MMA Meal Planning:
You spend hours planning those training sessions that are going to make you the best conditioned most well rounded fighter you can possibly be.
You map out the training protocol... strength and conditioning on Monday, Wednesday and Friday mornings with grappling in the afternoon. Striking on Tuesday, Thursday and Saturday morning with Jiu Jitsu at night. Now you're ready to get down to business and get those skills so tight, so strong that the UFC will be knocking on your door for your Octagon debut, right?
You've got half of the equation handled. Well, that number could actually be less than half. Whatever the percentage is, the thing that will really dictate whether you'll be hitting your goals or making excuses a few months from now, is your meal plan.
Ignore that, and your chances of training at a high enough level and with the requisite consistency to take your game to the next level are slim, real slim. Let's look at a few simple concepts and tricks that are proven to work and get you on your way to success.
How many times have you heard it? "It's better to eat five or six small meals than to eat three bigger meals." Probably a few hundred times if you regularly read the magazines. Well, it works, and if you ignore this simple principle you can all but kiss your gains goodbye. Here's why.
When you eat every three hours instead of every five to seven hours like you do if you eat a "regular" breakfast, lunch and dinner, you accomplish a number of things. First, every time you eat, you cause your metabolism to speed up and get active to digest that food.
As a result, you've got an active metabolism virtually all day instead of one that starts and stops at extended variables throughout the day. Of course, your body will also have a much easier time digesting smaller amounts of food every few hours than it will if you slam it with large amounts of food at a few points in the day.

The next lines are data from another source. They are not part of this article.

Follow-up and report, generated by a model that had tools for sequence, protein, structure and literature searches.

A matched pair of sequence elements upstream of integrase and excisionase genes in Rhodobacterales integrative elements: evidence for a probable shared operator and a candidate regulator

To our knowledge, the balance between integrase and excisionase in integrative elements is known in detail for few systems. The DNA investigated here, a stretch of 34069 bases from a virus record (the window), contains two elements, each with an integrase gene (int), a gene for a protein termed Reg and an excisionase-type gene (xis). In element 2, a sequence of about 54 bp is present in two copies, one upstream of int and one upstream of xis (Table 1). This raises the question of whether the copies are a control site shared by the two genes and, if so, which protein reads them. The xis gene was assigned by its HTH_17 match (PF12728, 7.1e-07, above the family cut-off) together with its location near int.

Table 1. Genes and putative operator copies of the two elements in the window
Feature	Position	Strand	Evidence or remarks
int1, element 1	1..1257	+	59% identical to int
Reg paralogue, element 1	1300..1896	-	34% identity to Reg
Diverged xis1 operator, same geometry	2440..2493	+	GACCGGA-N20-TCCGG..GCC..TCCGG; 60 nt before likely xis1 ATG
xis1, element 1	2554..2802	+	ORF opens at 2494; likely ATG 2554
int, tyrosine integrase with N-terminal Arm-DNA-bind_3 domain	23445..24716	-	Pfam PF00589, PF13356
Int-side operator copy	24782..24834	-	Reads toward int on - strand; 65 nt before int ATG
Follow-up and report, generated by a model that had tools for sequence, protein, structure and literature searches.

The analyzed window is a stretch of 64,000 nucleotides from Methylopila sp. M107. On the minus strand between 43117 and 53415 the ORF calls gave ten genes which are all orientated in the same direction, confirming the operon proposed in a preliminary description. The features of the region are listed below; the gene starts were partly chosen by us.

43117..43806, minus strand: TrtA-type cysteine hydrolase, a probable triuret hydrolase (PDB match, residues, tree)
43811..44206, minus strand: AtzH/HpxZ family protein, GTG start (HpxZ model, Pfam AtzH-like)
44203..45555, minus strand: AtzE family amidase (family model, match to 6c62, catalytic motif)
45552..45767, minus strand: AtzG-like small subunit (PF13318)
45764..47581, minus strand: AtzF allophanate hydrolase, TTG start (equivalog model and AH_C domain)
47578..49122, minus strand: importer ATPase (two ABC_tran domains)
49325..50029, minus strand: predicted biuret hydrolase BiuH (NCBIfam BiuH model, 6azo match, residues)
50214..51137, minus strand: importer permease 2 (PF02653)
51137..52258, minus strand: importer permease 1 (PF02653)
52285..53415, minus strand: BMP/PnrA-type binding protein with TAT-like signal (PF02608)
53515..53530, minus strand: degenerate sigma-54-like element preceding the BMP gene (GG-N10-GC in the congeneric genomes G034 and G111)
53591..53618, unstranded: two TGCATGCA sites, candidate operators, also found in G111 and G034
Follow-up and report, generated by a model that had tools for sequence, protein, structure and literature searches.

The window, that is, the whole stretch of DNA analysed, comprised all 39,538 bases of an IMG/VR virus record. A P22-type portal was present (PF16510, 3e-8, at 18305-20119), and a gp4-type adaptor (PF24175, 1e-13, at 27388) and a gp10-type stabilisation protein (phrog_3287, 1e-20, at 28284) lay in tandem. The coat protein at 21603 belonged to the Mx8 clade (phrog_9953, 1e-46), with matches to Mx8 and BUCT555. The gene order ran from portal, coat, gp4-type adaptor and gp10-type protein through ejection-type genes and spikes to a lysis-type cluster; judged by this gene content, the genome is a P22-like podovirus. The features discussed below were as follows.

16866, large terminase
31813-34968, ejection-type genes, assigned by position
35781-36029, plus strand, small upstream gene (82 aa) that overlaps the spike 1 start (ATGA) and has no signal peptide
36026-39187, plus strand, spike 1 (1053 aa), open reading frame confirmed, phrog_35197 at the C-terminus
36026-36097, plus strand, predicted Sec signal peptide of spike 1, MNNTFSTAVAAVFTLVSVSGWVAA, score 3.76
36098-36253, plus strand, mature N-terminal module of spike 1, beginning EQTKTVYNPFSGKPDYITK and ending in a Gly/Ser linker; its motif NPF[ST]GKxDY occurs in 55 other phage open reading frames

There's another important reason to adopt the 5-6 meal per day philosophy. In order to create the optimum anabolic environment in your body for muscular strength and holding on to your lean muscle tissue, your goal is to create "positive nitrogen balance" internally.
The easiest and safest way to do this is to consume a consistent flow of protein throughout the day. Of course, eating protein three times per day cannot provide the same environment for muscle growth as eating it six times per day.
Once we agree that you need to get the right nutrients in your system 5-6 times per day, the next thing we need to address is the best way for you to structure those meals. However, we can set up some simple guidelines to get you started.
First and foremost, make sure that you eat protein at EVERY meal. For example, let's say that you weigh 200 pounds and you are going to eat one gram of protein per pound of bodyweight. If you are eating 5-6 meals per day, you'll want to get 35-40 grams of protein at each meal.When it comes to
carbs, you'll want to take in the majority of your carbs at strategic points in the day ...breakfast, the meal(s) before you workout and meal(s) right after you workout. You'll also want to avoid carbs in the last meal of the day so that you don't elevate your insulin levels when you go to sleep as that can inhibit your body's ability to naturally produce human growth hormone at the time it does it best.
Last but not least, you'll want to get some healthy fats with your meals as well. However, keep the fats out of the post-workout meal as they can slow the absorption of the carbs you need to refuel and replenish your system after a hard training session.
Shake Meal - Shake
If you're dreading cooking six meals a day and finding the time to eat them, here's a simple solution. Try alternating solid food meals with a high-quality protein drink or protein bar. If you drink three of your meals each day and eat the other three, the program is much more manageable and your nutritional intake won't suffer.
Sample Meal Outline
Meal 2: Pre-Workout Meal
Meal 3: Post-Workout Meal